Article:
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Title: Pathogenic implications of distinct patterns of iron and zinc in chronic MS lesions

Abstract

Multiple sclerosis (MS) is a chronic inflammatory demyelinating disease of the central nervous system (CNS) in which oligodendrocytes, the CNS cells that stain most robustly for iron and myelin are the targets of injury. Metals are essential for normal CNS functioning, and metal imbalances have been linked to demyelination and neurodegeneration. Using a multidisciplinary approach involving synchrotron techniques, iron histochemistry and immunohistochemistry, we compared the distribution and quantification of iron and zinc in MS lesions to the surrounding normal appearing and periplaque white matter, and assessed the involvement of these metals in MS lesion pathogenesis. We found that the distribution of iron and zinc is heterogeneous in MS plaques, and with few remarkable exceptions they do not accumulate in chronic MS lesions. We show that brain iron tends to decrease with increasing age and disease duration of MS patients; reactive astrocytes organized in large astrogliotic areas in a subset of smoldering and inactive plaques accumulate iron and safely store it in ferritin; a subset of smoldering lesions do not contain a rim of iron-loaded macrophages/microglia; and the iron content of shadow plaques varies with the stage of remyelination. Zinc in MS lesions was generally decreased, paralleling myelin loss. Iron accumulatesmore » concentrically in a subset of chronic inactive lesions suggesting that not all iron rims around MS lesions equate with smoldering plaques. Furthermore, upon degeneration of iron-loaded microglia/macrophages, astrocytes may form an additional protective barrier that may prevent iron-induced oxidative damage.« less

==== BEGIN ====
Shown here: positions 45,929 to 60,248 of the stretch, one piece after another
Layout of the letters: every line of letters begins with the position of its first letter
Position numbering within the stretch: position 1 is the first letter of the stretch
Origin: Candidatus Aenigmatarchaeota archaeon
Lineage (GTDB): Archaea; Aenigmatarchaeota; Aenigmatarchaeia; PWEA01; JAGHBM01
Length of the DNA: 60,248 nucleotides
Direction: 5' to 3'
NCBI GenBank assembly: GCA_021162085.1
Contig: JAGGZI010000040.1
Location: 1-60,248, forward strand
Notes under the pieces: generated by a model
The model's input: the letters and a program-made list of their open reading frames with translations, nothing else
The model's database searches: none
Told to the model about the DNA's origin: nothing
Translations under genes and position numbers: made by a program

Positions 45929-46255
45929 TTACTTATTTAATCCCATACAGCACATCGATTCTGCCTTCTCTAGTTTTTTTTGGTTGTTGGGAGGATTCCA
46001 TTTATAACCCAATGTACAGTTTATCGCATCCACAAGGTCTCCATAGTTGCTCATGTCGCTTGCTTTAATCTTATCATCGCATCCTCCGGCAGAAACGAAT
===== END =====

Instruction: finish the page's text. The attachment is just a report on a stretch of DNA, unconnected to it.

Authors:
 [1];  [2];  [3];  [1];  [1];  [1];  [4];  [4];  [5];  [1];  [1];  [1];  [5];  [6];  [6];  [4];  [4];  [4]
  1. Univ. of Saskatchewan, Saskatoon (Canada)
  2. Medical Univ. Vienna, Vienna (Austria)
  3. SLAC National Accelerator Lab., Menlo Park, CA (United States)
  4. Mayo Clinic, Rochester, MN (United States)
  5. Univ. of Gottingen, Gottingen (Germany)
  6. Medical Univ. of Vienna, Vienna (Austria)
Publication Date:
Research Org.:
SLAC National Accelerator Lab., Menlo Park, CA (United States)
Sponsoring Org.:
USDOE Office of Science (SC), High Energy Physics (HEP) (SC-25)
OSTI Identifier:
1372893
Grant/Contract Number:
AC02-76SF00515
Resource Type:
Journal Article: Accepted Manuscript
Journal Name:
Acta Neuropathologica
Additional Journal Information:
Journal Volume: 134; Journal Issue: 1; Journal ID: ISSN 0001-6322
Publisher:
Springer
Country of Publication:
United States
Language:
English
Subject:
60 APPLIED LIFE SCIENCES; 59 BASIC BIOLOGICAL SCIENCES; synchrotron; iron; zinc; multiple sclerosis; oligodendrocyte; smoldering lesion; shadow plaque; astrocyte; remyelination

Citation Formats

Popescu, Bogdan F., Frischer, Josa M., Webb, Samuel M., Tham, Mylyne, Adiele, Reginald C., Robinson, Christopher A., Fitz-Gibbon, Patrick D., Weigand, Stephen D., Metz, Imke, Nehzati, Susan, George, Graham N., Pickering, Ingrid J., Bruck, Wolfgang, Hametner, Simon, Lassmann, Hans, Parisi, Joseph E., Yong, Guo, and Lucchinetti, Claudia F.. Pathogenic implications of distinct patterns of iron and zinc in chronic MS lesions. United States: N. p., 2017. Web. doi:10.1007/s00401-017-1696-8.